Because the promotion and normalization of homosexuality, pornography, abortion, transgenderism, etc, (and yes, egalitarianism, critical race theory, socialism, Leftism as well), may seem like separate battles to fight. But in reality they are actually a unified Satanic strategy to destroy the family. Those who promote these things advance the agenda of the kingdom of darkness. Many are not aware, of course, that they are following the evil schemes of the Devil, but they have become his tools nonetheless. And though they share personal culpability for their sins, they also contribute to a war that’s been raging since Genesis 3, namely, the Evil One’s hatred of man, woman, and offspring, image bearers of the Holy One he ultimately hates, the Triune God.

So, are Vance Pitman, Danny Akin, SEBTS, and Send Network endorsing the preaching of any openly gay man or not? And what avenues should grassroots Southern Baptists take in order to find out the answers to these questions?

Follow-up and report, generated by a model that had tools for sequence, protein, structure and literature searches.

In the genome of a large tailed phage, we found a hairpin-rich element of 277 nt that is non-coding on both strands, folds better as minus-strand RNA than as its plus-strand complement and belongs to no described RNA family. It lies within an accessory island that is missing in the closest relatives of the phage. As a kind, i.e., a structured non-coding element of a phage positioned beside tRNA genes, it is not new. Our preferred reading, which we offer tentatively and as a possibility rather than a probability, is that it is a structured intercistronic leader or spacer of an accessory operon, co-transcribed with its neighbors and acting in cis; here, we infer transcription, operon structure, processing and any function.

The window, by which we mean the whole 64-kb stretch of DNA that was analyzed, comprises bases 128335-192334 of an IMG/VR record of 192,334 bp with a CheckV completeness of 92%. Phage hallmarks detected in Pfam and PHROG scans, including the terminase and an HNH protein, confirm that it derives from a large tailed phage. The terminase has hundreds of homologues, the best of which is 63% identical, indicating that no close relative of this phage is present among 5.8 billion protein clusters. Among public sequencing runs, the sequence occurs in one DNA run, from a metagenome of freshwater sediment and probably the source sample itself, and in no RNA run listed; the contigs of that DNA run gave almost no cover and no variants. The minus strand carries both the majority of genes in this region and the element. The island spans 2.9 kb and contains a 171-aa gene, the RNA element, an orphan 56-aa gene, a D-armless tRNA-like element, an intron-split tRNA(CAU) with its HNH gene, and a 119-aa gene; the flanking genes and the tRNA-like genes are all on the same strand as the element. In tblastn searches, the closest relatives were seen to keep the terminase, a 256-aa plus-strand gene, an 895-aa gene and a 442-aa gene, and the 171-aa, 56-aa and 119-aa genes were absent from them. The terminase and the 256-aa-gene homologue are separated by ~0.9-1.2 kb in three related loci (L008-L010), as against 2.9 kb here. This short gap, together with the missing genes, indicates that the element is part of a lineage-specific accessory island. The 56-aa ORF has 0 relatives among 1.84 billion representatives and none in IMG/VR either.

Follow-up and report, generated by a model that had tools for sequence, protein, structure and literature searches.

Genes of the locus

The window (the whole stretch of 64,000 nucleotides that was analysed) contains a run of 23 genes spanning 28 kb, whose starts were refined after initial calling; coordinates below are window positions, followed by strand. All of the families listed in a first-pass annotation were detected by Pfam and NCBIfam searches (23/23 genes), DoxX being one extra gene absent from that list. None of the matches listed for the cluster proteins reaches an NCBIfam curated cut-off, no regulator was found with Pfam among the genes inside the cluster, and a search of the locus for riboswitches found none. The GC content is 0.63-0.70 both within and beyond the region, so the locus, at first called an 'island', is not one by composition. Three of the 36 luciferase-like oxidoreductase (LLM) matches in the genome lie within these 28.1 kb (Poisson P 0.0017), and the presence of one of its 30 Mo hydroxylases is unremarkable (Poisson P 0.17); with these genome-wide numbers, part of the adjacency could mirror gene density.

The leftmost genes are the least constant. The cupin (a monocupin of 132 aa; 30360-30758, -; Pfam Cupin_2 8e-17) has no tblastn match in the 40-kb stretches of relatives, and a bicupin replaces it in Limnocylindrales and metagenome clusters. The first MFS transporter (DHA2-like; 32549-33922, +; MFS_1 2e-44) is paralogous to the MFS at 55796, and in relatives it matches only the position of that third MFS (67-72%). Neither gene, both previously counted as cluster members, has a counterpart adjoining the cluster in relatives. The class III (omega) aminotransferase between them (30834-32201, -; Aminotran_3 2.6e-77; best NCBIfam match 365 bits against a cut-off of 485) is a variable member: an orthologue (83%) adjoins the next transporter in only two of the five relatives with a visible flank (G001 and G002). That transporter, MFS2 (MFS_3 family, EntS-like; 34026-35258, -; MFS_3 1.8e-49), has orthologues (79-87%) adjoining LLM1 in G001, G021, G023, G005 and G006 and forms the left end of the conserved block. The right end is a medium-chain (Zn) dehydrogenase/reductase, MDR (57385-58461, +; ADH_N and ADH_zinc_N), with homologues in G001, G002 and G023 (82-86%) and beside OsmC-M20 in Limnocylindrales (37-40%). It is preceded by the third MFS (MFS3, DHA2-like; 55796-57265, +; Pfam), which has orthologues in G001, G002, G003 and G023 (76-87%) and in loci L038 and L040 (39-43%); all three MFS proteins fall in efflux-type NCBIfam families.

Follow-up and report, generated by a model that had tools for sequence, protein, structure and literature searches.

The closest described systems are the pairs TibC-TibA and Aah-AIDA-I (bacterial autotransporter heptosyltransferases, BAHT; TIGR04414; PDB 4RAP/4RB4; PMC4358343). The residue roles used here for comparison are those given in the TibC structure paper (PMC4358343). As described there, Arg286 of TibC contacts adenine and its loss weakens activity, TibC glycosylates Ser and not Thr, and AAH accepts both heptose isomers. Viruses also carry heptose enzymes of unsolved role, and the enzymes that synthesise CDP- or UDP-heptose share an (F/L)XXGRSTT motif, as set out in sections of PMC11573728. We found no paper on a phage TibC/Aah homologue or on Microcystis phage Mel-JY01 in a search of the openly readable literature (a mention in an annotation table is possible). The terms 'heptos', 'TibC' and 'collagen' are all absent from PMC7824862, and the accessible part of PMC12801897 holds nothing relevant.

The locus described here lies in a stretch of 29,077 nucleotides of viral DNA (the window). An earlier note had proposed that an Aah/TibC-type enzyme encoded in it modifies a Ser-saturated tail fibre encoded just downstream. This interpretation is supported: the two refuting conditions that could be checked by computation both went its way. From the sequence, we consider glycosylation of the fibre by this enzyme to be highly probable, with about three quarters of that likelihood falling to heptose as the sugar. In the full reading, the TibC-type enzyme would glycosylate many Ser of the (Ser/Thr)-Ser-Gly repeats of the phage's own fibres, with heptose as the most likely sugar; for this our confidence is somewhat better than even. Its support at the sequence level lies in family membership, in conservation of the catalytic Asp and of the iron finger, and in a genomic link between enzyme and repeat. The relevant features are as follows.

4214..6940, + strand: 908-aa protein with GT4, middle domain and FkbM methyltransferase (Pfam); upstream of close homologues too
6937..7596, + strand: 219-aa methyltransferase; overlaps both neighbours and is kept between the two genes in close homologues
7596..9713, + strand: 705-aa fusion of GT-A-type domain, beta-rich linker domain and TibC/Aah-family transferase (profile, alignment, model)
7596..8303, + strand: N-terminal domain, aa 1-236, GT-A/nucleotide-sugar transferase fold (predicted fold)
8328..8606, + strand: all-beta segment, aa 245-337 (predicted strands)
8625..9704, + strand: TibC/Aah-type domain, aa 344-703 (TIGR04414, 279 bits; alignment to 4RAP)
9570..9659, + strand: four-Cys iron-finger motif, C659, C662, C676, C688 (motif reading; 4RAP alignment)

These are really serious issues. But the strategy, so far, has been similar to the plagiarism scandal of Ed Litton. Dismiss, deflect, forget about it, and move on without ever having to have any sort of real accountability to the churches of the Southern Baptist Convention. Well, and there is another strategy at play too, which is, just label anyone asking these questions as mean and divisive.

Is it divisive now to ask if we have shifted on our stance regarding homosexuality? What a day to be alive.

Christ Returns Triumphantly. This is true. And when He does, where will He find the Southern Baptist Convention? It’s my hope that if you care about the SBC’s future at all, that you’ll be willing to make phone calls or send letters to ask for public clarification on these issues.

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1 thought on “Send Network, SEBTS, and Salvation by Merritt

  1. It’s time to make your exiting statements and jump ship, brother. It’s really that simple. At some point opining and bemoaning loses its usefulness. I know the knee jerk is that it’s not that simple at the local church level but I whole heartedly disagree. The SBC structure doesn’t provide any meaningful solidarity nor theological accountability in local churches to begin with and some of the healthiest churches are parts of small associations of accountable and like minded bodies. I think most hang on so long because much of their emotional investment and identity are tied up in the SBC. I don’t know you but it’s a good question for anyone in your position to ask yourself at this point.